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Under current law, the annual gift tax exclusion is $15,000 per donor per recipient. This means an individual can make as many gifts of $15,000 to as many people as he or she chooses, free of taxes for the recipients. Annual gifts don’t reduce the lifetime exemption for federal estate tax and gift tax for individuals. Currently, the lifetime exemption is $11.7 million per individual and $23.4 million per couple. Most estates are significantly less than those amounts and will not be subject to estate or gift taxes. However, there’s a good deal of concern that Congress may reduce the lifetime exemption. If Congress does nothing to the current law, the exemption will return to approximately $6 million per donor in 2026.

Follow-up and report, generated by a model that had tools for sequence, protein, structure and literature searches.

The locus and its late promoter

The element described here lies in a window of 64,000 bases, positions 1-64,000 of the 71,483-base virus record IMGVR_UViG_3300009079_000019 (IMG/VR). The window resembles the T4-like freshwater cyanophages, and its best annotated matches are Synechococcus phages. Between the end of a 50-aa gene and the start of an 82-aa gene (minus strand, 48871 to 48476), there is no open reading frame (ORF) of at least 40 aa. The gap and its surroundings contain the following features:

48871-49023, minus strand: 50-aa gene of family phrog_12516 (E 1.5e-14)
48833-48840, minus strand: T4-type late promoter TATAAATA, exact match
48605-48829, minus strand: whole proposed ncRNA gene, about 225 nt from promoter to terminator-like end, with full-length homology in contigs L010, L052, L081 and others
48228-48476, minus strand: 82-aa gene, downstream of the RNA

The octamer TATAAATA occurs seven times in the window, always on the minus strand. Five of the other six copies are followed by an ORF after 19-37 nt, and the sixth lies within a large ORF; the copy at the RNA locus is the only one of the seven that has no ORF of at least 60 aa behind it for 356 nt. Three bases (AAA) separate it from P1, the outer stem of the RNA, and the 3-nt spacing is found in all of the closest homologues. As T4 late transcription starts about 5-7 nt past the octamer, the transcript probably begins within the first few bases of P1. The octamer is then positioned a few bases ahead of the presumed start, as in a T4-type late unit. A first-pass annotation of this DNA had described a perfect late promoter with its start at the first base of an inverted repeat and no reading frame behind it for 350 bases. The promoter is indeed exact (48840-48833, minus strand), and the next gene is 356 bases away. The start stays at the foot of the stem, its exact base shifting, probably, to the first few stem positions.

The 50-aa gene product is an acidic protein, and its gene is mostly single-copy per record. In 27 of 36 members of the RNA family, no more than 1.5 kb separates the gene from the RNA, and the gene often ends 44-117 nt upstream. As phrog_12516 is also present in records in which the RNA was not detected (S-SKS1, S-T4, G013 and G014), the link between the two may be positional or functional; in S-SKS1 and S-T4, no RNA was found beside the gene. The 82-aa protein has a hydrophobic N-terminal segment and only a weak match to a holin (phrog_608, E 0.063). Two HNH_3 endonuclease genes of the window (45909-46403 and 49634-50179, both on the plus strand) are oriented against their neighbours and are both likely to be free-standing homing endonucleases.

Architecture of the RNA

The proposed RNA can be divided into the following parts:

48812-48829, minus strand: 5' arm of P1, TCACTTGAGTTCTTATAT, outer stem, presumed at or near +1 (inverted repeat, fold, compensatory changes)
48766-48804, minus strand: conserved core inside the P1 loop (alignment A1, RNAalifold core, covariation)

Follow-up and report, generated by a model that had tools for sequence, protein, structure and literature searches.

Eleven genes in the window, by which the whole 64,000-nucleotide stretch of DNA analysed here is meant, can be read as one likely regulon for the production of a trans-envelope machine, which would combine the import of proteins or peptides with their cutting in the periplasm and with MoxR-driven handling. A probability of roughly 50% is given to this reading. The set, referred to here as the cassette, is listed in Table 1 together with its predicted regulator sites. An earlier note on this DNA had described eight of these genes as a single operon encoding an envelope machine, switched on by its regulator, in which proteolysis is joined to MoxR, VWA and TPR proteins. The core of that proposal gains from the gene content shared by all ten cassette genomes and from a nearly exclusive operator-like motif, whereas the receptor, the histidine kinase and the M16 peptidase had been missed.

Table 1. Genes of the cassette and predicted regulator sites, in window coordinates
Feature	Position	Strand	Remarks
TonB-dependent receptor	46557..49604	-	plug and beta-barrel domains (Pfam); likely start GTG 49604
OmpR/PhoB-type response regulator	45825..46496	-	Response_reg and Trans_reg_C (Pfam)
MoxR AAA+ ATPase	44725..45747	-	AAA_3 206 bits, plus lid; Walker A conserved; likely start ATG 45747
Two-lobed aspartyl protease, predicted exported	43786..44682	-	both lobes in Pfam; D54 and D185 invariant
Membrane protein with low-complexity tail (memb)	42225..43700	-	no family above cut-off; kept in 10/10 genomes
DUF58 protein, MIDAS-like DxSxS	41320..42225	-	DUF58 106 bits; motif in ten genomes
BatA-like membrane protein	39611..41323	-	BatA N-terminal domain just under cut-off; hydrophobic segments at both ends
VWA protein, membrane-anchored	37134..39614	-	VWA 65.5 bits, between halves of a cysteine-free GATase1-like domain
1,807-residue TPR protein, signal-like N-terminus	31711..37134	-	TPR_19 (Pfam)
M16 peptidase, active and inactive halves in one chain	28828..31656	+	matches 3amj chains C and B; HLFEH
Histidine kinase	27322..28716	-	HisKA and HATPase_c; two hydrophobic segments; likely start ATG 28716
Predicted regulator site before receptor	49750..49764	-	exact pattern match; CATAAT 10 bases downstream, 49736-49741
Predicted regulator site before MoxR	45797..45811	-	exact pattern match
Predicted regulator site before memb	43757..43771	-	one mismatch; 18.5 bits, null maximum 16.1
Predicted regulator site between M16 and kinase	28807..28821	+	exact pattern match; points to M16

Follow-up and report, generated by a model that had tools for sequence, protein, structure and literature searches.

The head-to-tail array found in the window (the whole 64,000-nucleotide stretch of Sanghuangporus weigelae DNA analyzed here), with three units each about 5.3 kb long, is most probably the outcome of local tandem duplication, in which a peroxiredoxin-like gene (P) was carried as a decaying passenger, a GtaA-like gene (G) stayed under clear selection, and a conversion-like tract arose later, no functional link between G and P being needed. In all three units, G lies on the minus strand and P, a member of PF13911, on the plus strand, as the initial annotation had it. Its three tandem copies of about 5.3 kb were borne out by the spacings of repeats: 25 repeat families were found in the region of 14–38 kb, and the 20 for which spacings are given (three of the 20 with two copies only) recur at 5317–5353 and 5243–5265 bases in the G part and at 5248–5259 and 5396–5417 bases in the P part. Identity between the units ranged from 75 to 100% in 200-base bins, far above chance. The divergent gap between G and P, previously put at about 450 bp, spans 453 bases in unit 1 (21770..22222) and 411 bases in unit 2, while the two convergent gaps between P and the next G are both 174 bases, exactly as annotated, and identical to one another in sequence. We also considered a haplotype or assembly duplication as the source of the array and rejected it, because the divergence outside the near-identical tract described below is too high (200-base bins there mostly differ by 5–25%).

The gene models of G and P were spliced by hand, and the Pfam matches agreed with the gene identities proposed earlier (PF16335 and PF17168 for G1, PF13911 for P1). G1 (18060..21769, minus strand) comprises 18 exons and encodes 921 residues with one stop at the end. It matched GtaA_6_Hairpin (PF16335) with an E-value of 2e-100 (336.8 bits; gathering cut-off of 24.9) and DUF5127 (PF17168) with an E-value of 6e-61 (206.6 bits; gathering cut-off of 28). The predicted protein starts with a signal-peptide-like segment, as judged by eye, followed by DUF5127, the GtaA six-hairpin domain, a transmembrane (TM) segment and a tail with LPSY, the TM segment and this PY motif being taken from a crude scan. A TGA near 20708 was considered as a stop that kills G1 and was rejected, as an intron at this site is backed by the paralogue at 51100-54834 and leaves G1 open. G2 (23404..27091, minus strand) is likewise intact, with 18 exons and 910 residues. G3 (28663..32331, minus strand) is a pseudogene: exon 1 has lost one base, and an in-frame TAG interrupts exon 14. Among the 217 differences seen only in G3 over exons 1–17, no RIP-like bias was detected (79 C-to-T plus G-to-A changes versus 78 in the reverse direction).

Given the possibility of a lower lifetime estate and gift tax exemption, individuals and couples may want to consider annual gifting as a way to reduce the size of their estates to reduce or eliminate estate tax at the time of their death. Obviously, $15,000 or even $30,000 isn’t going to make a significant impact on the lifetime amounts, but there may be relatively easy ways to go bigger. Here’s an example: A married couple with three married children and four grandchildren could give away $300,000 per year by each parent gifting $15,000 to each child, their spouses and each grandchild. And, they could repeat these gifts annually. In addition, gifts to pay tuition are tax free if they’re made directly to the institution.
If you think annual gifting might make sense for you, contact an Ann Arbor estate planning attorney at PSED for more information.
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